Last year was the worst year on record for refugees. The number of people fleeing war and persecution jumped to nearly 60 million, the highest figure since the United Nations’ refugee agency began keeping records 50 years ago, and that doesn’t even include people driven from their homes by poverty, gang violence or natural disasters.
Smugglers are preying on refugees, social services in poor Middle Eastern and African countries have been stretched to the limit, and Europe and Australia are turning back exiles at their borders. António Guterres, U.N. high commissioner for refugees, acknowledged that relief agencies are overwhelmed. «We don’t have the capacity and we don’t have the resources to support all the victims of conflict around the world to provide them with the very minimal level of protection and assistance,» he told reporters at a mid-June press conference.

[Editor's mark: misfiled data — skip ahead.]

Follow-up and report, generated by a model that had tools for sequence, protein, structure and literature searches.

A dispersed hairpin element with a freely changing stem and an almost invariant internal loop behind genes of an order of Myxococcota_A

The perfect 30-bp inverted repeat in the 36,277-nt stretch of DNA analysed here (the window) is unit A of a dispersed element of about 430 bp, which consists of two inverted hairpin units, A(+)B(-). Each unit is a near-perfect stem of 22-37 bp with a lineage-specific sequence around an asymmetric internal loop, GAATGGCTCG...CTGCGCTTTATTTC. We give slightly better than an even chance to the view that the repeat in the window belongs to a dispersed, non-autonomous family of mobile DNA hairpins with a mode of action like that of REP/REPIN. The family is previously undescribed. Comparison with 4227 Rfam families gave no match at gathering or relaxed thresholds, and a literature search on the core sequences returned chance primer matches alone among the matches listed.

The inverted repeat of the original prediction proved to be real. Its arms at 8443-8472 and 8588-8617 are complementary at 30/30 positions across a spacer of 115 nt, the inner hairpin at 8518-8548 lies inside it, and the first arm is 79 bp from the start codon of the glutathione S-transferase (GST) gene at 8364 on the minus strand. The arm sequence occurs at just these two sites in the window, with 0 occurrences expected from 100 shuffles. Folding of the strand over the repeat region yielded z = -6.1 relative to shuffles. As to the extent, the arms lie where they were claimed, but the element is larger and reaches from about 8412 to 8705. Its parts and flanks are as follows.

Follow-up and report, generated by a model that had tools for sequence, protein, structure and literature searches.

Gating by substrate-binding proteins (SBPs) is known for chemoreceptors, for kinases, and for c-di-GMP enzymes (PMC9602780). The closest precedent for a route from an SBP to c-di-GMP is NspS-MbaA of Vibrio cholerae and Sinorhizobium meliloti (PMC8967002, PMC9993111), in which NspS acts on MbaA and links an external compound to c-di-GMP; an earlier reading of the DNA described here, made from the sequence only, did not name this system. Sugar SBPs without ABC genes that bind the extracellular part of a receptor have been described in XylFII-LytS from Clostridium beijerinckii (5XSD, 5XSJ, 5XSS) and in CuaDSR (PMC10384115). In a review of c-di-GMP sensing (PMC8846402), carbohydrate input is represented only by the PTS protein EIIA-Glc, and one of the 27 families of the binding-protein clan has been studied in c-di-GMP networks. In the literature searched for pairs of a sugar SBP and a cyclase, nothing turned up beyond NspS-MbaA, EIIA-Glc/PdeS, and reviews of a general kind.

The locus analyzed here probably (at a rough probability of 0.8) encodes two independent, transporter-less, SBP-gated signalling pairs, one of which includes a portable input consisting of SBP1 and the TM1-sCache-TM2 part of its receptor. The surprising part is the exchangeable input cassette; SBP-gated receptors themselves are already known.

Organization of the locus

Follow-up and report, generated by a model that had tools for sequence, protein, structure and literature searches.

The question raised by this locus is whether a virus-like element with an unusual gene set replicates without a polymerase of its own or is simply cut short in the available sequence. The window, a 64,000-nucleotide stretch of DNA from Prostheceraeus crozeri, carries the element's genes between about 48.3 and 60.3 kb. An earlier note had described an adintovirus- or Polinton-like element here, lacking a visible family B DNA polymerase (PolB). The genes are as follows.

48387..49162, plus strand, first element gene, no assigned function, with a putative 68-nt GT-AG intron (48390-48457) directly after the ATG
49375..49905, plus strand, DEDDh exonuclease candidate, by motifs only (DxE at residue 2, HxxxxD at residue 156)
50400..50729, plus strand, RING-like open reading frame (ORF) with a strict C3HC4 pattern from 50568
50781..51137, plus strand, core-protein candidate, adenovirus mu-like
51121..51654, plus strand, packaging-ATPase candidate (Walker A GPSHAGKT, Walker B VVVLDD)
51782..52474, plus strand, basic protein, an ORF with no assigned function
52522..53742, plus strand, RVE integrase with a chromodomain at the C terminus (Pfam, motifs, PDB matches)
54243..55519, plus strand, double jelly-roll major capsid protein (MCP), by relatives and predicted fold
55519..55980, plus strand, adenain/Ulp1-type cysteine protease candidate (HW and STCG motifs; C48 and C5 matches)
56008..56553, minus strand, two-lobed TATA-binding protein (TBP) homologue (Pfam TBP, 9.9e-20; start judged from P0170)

By all accounts, it’s a mess. But it’s likely only a harbinger of things to come if industrialized nations don’t dramatically reduce carbon emissions. Drought and desertification already ruin thousands of square miles of productive land annually in China and a number of African countries, while rising sea levels triggered by warmer global temperatures could eventually force tens if not hundreds of millions of people from their coastal homes.